U.S. Navy sailors Thursday began moving aboard LPD 17, the first San Antonio-class amphibious transport dock
ship built by Northrop Grumman Corporation. This activity is a significant step in bringing this modern, highly technical asset to life as part of the nation's defense plan.
Northrop Grumman Ship Systems delivered the LPD 17 to the U. S.
Navy on July 20. The LPD 17 design includes advances such as enhanced
survivability, state-of-the-art command-and control capability,
automated systems, modernized mission stations and enhanced ergonomics,
which greatly improve the quality of life at sea for the sailors and
Marines. With these advances, the LPD 17 class is the most
sophisticated and survivable amphibious ship ever
produced, and as
such, offers unparalleled amphibious war-fighting capabilities.
"There are many milestones we chart and observe during the
construction of U.S. Navy vessels," said Bat Robinson, vice president
and general manager of expeditionary warfare programs for Northrop
Grumman's Ship Systems sector. "But the crew move-aboard milestone
ranks as the most significant because those men and women wearing U.S.
Navy uniforms now have a place to call their home. We've made great
strides in providing a ship that offers more sailor-friendly features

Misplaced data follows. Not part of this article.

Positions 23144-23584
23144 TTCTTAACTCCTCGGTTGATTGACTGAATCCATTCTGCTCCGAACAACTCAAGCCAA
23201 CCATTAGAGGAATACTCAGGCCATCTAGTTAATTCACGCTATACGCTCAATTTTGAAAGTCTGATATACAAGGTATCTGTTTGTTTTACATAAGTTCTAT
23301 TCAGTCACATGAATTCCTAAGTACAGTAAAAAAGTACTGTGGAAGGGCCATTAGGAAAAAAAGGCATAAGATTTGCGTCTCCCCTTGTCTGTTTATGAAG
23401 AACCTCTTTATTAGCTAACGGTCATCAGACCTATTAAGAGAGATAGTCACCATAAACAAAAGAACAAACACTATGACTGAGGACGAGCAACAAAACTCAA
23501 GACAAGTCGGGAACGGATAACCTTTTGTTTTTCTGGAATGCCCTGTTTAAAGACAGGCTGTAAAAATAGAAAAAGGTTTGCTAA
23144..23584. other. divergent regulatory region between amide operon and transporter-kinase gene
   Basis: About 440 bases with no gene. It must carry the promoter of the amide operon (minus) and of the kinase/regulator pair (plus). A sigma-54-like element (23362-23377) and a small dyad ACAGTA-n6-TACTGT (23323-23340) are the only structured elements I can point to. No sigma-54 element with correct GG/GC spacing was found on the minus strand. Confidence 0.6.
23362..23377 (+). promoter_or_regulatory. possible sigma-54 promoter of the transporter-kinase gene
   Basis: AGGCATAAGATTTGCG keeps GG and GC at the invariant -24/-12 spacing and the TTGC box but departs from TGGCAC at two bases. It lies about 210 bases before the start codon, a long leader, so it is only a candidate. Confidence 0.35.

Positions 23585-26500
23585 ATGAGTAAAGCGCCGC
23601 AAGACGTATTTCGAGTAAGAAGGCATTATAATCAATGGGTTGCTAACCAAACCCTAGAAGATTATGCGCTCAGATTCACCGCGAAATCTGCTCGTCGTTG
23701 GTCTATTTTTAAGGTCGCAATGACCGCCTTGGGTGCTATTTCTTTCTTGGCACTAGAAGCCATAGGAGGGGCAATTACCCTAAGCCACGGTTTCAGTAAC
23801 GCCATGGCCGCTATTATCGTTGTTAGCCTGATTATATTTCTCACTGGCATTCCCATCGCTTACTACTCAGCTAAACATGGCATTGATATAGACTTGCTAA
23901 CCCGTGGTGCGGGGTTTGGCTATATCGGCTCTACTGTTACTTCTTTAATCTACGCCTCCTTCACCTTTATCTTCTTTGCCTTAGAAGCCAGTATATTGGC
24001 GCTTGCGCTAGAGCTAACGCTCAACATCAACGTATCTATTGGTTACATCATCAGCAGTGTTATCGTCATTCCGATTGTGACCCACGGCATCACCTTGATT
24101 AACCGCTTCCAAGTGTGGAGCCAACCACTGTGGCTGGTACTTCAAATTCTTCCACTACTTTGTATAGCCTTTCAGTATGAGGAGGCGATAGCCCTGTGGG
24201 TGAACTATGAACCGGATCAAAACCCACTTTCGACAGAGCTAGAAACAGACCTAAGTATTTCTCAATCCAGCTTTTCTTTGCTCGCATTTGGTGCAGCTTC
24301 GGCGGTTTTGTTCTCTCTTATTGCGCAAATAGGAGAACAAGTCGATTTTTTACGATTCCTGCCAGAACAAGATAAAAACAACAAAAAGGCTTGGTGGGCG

than any ship in the history of the Navy. The attention to
human-factor designs and quality craftsmanship displayed by the
shipbuilder's of Northrop Grumman will allow these sailors and Marines
to perform their duties of defending freedom in a more modern
"The first thing I noticed was the wider spaces in the
passageways and ladderways," said Montrell Dorsey, a second-class
gunner's mate on LPD 17 who served on prior LPD-class ships. "It's so
much easier to move around, especially if I'm carrying equipment. But
it's even better for Marines because it gives them the ability to move
forward-to-aft quickly, which is important in crisis situations.
"And, we love the sit-up racks because they give every sailor
the opportunity to have privacy and the ability to read or work in
their own space," he continued, commenting on the racks' individual
lights, ventilation and writing surfaces. "This is the most
sailor-friendly ship I have served on and it gives me great pride to
know that a company headquartered in my home state has built and
delivered such an outstanding vessel."